The age-old tale of Cinderella has been retold for centuries, with generations of audiences repeatedly puzzling over the oddity of this beautiful, bedraggled girl’s exact shoe size.
Yes, the plot has a few holes – exactly how large or small could Cinderella’s feet really be? – but it still makes for mesmerising theatre whenever taken to the stage.
I dropped into Northampton’s Royal and Derngate yesterday (Thursday) to witness The Russian State Ballet of Siberia’s take on the story, set to Sergei Prokofiev’s expressive music.
The fairy tale is predictably told, including all the familiar elements of the downtrodden Cinderella, who is helped by a fairy to go to a ball, meet her prince and finally escape the clutches of her family. Apologies for the spoiler here but the story has been around for a while!
Despite this familiar structure, Sergei Bobrov’s choreography seemed to push the boundaries beyond traditional ballet, producing the feel of contemporary dance in many places.
Cinderella’s horrible family members are categorised by their sharp, jagged dance moves of arms and legs, which see the sisters sometimes appear to place weight on their heels, comedically stomping and scrambling around the stage.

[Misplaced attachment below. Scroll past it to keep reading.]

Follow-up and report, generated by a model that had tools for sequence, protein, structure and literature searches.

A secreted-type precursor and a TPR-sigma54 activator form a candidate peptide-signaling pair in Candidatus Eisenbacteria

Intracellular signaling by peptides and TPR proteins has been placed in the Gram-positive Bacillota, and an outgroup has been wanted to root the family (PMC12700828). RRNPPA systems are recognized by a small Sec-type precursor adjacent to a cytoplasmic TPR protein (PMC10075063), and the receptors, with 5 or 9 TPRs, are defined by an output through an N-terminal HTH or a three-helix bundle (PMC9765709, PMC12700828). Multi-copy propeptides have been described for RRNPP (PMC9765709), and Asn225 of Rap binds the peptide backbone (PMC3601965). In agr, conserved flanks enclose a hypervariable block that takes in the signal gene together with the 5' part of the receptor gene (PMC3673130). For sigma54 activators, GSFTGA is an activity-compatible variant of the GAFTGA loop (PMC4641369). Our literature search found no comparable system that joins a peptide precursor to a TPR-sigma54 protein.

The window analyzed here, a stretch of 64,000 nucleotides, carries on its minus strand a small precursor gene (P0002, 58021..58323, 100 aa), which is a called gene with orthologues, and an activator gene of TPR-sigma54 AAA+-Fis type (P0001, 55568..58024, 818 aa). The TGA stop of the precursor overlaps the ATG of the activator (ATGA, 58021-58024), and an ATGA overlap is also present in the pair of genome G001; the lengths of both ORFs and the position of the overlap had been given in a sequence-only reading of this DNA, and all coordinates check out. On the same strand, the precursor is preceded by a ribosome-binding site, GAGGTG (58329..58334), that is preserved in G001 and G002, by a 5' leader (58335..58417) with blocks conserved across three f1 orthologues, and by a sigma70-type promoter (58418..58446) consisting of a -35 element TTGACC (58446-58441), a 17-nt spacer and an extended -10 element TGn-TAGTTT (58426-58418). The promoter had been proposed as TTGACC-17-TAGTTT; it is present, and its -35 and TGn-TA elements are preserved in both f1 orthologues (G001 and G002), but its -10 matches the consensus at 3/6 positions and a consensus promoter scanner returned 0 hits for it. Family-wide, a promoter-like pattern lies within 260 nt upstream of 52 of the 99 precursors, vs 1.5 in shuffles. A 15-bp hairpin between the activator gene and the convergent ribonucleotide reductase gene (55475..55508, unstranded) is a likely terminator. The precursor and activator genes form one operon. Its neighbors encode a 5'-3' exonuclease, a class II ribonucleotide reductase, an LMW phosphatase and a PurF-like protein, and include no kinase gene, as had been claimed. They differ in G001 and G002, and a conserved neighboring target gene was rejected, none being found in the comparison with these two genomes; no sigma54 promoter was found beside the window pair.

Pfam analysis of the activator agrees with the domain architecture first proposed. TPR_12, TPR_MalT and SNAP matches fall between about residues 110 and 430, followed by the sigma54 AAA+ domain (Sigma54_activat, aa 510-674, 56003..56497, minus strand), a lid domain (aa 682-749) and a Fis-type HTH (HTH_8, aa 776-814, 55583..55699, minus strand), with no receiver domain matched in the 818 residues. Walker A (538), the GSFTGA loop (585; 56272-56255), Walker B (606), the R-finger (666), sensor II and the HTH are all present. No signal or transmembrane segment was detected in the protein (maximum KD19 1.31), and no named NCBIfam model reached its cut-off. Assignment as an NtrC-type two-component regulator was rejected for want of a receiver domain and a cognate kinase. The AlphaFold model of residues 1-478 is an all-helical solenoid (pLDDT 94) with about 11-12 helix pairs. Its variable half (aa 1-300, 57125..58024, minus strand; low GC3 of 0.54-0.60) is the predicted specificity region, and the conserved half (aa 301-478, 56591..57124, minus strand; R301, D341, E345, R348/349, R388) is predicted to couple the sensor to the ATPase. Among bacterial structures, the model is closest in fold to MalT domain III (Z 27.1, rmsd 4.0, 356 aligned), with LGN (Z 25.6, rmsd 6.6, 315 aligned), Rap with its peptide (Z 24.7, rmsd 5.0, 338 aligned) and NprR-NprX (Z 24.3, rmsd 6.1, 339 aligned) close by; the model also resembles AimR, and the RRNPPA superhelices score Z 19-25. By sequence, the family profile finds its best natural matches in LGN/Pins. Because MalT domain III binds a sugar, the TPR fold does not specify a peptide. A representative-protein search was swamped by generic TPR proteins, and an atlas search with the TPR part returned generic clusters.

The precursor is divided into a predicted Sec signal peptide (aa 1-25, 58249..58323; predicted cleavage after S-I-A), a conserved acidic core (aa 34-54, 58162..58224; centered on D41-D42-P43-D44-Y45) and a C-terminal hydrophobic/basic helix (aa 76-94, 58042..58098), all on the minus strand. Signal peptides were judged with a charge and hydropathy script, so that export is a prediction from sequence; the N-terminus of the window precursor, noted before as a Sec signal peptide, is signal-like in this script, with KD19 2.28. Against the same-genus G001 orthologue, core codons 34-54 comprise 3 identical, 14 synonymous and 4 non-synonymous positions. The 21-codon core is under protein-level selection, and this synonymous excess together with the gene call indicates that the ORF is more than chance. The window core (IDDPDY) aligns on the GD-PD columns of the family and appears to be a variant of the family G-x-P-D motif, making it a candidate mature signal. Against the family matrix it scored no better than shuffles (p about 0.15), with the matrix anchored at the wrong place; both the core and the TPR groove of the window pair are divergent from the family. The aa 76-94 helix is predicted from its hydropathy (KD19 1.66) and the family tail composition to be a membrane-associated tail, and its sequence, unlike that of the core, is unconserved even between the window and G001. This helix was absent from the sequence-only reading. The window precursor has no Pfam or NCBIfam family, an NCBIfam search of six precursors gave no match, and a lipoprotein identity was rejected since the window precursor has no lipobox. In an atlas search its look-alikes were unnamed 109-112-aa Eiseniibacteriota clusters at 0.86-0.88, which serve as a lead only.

I loved the blend of romance and comedy in this version. Much of the humour came from the stepmother, danced by Georgii Bolsunovskii, and daughters played by Yaroslava Bolsunovskaya and Anastasiia Osokina.
Much was made of the farcical scene in which the stepsisters and stepmother try on Cinderella’s slipper, which saw some very funny flirtatious dancing from Georgii’s character.
I think the humour and generally rough, angular presentation of these characters helped accentuate the smooth fluidity of movement showcased by the prince, a role taken on by Marcello Pelizzoni, and Cinderella, danced by Elena Svinko.
Marcello is a powerful, talented dancer and he was well matched alongside Elena with her elegant and finely placed movements.
Another fascinating feature of this choreography was the presentation of Time Heralds, a sinister band of dancers decked in black and red, with faces covered. Their dances seemed to echo the rhythms and components of the clock which strikes midnight and separates our two lovebirds.
* The Russian State Ballet of Siberia’s UK tour will remain at Royal and Derngate throughout this week. This evening (Friday), audiences will enjoy Snow Maiden, followed by a production of The Nutcracker tomorrow (Saturday). Visit www.royalandderngate.co.uk to book.